- Category: Canada News
- Published Wednesday, January 6, 2016
- CTV News
A man accused of impaired driving will appear before a judge alone in Superior Court, in connection with a crash north of Toronto that claimed the lives of three children and their grandfather.
Marco Muzzo, 29, appeared in front of a federal judge briefly on Wednesday, where his lawyer announced that he had elected to be tried by a judge without a jury. The lawyer announced that they would appear before a Superior Court justice on Wednesday afternoon, at 2:15 p.m.
He said there is sufficient evidence that Muzzo can be committed to trial on all counts.
Criminal lawyer Boris Bytensky said the decision was a "formality," and does not mean the case will necessarily go to trial.
"This is a preliminary step to getting the matter placed before the Superior Court for a judge to hear the matter and for a plea to be entered," Bytensky told CTV Toronto.
"There's been lots of speculation that a plea deal is coming today. That still could happen, (but) it hasn't happened yet and might not happen."
Muzzo is facing several charges in connection with a crash in Vaughan, Ont., including impaired driving causing death and dangerous operation of a motor vehicle causing death.
The Sept. 27 crash fatally wounded 9-year-old Daniel, 5-year-old Harrison (Harry) and 2-year-old Milagros (Milly) Neville-Lake. The children's 65-year-old grandfather Gary Neville also died as a result of the collision, and their grandmother and great-grandmother were injured.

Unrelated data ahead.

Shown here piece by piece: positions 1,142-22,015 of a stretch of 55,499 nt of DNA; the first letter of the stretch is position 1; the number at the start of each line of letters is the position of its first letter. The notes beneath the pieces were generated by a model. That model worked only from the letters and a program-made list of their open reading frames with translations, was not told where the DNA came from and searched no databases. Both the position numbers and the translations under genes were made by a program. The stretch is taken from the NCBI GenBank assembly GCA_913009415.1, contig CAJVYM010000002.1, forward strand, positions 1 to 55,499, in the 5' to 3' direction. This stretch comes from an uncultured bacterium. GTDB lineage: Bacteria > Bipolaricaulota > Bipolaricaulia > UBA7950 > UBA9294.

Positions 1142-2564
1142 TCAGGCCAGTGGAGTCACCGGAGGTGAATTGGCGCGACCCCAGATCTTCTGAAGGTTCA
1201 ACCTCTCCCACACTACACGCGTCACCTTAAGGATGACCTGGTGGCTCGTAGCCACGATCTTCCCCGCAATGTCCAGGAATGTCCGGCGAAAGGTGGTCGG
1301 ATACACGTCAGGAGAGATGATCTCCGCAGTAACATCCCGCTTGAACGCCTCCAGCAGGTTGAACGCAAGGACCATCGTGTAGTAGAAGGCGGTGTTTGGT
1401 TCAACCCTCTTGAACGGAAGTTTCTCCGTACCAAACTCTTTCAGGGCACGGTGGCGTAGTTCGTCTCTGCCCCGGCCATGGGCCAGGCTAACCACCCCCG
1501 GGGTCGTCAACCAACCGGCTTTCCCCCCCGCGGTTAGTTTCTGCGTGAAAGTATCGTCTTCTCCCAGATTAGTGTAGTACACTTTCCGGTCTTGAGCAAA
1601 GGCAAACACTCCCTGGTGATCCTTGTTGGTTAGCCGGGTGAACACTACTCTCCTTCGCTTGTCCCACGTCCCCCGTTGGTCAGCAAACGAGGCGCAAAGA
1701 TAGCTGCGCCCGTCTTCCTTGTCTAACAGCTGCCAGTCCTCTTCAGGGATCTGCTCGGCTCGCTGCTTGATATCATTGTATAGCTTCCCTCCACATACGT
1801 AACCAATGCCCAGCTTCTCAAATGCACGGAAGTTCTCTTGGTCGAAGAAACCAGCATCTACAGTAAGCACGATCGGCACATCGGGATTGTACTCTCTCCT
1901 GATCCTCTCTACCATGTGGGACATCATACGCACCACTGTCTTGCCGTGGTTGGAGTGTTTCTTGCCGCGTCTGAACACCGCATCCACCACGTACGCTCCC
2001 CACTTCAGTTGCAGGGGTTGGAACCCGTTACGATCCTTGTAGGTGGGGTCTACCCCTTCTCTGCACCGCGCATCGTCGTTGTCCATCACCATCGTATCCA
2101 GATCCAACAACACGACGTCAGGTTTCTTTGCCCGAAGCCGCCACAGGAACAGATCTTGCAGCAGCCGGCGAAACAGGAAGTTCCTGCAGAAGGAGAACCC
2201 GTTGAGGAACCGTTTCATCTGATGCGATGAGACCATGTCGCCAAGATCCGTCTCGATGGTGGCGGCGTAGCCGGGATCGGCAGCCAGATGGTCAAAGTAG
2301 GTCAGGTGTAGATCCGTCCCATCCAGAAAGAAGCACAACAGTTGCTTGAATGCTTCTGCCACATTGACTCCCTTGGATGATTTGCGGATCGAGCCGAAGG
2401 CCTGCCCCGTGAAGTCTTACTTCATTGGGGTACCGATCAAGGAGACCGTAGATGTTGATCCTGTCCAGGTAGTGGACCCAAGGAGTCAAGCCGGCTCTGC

Muzzo appeared at a courthouse in Newmarket, Ont. shortly before 10 a.m. A short time later, CTV Toronto's Tamara Cherry reported that the courtroom was so packed that nearly two dozen people had to stand.
Some people, including members of the media, were asked to give up their seats for the family of the children who died in the crash.
Before the hearing began, the Muzzo case was moved to a larger courtroom, Cherry reported. In the new courtroom, Muzzo's lawyer announced the decision to go before a Superior Court justice.
With files from CTV Toronto's Tamara Cherry and Colin D'Mello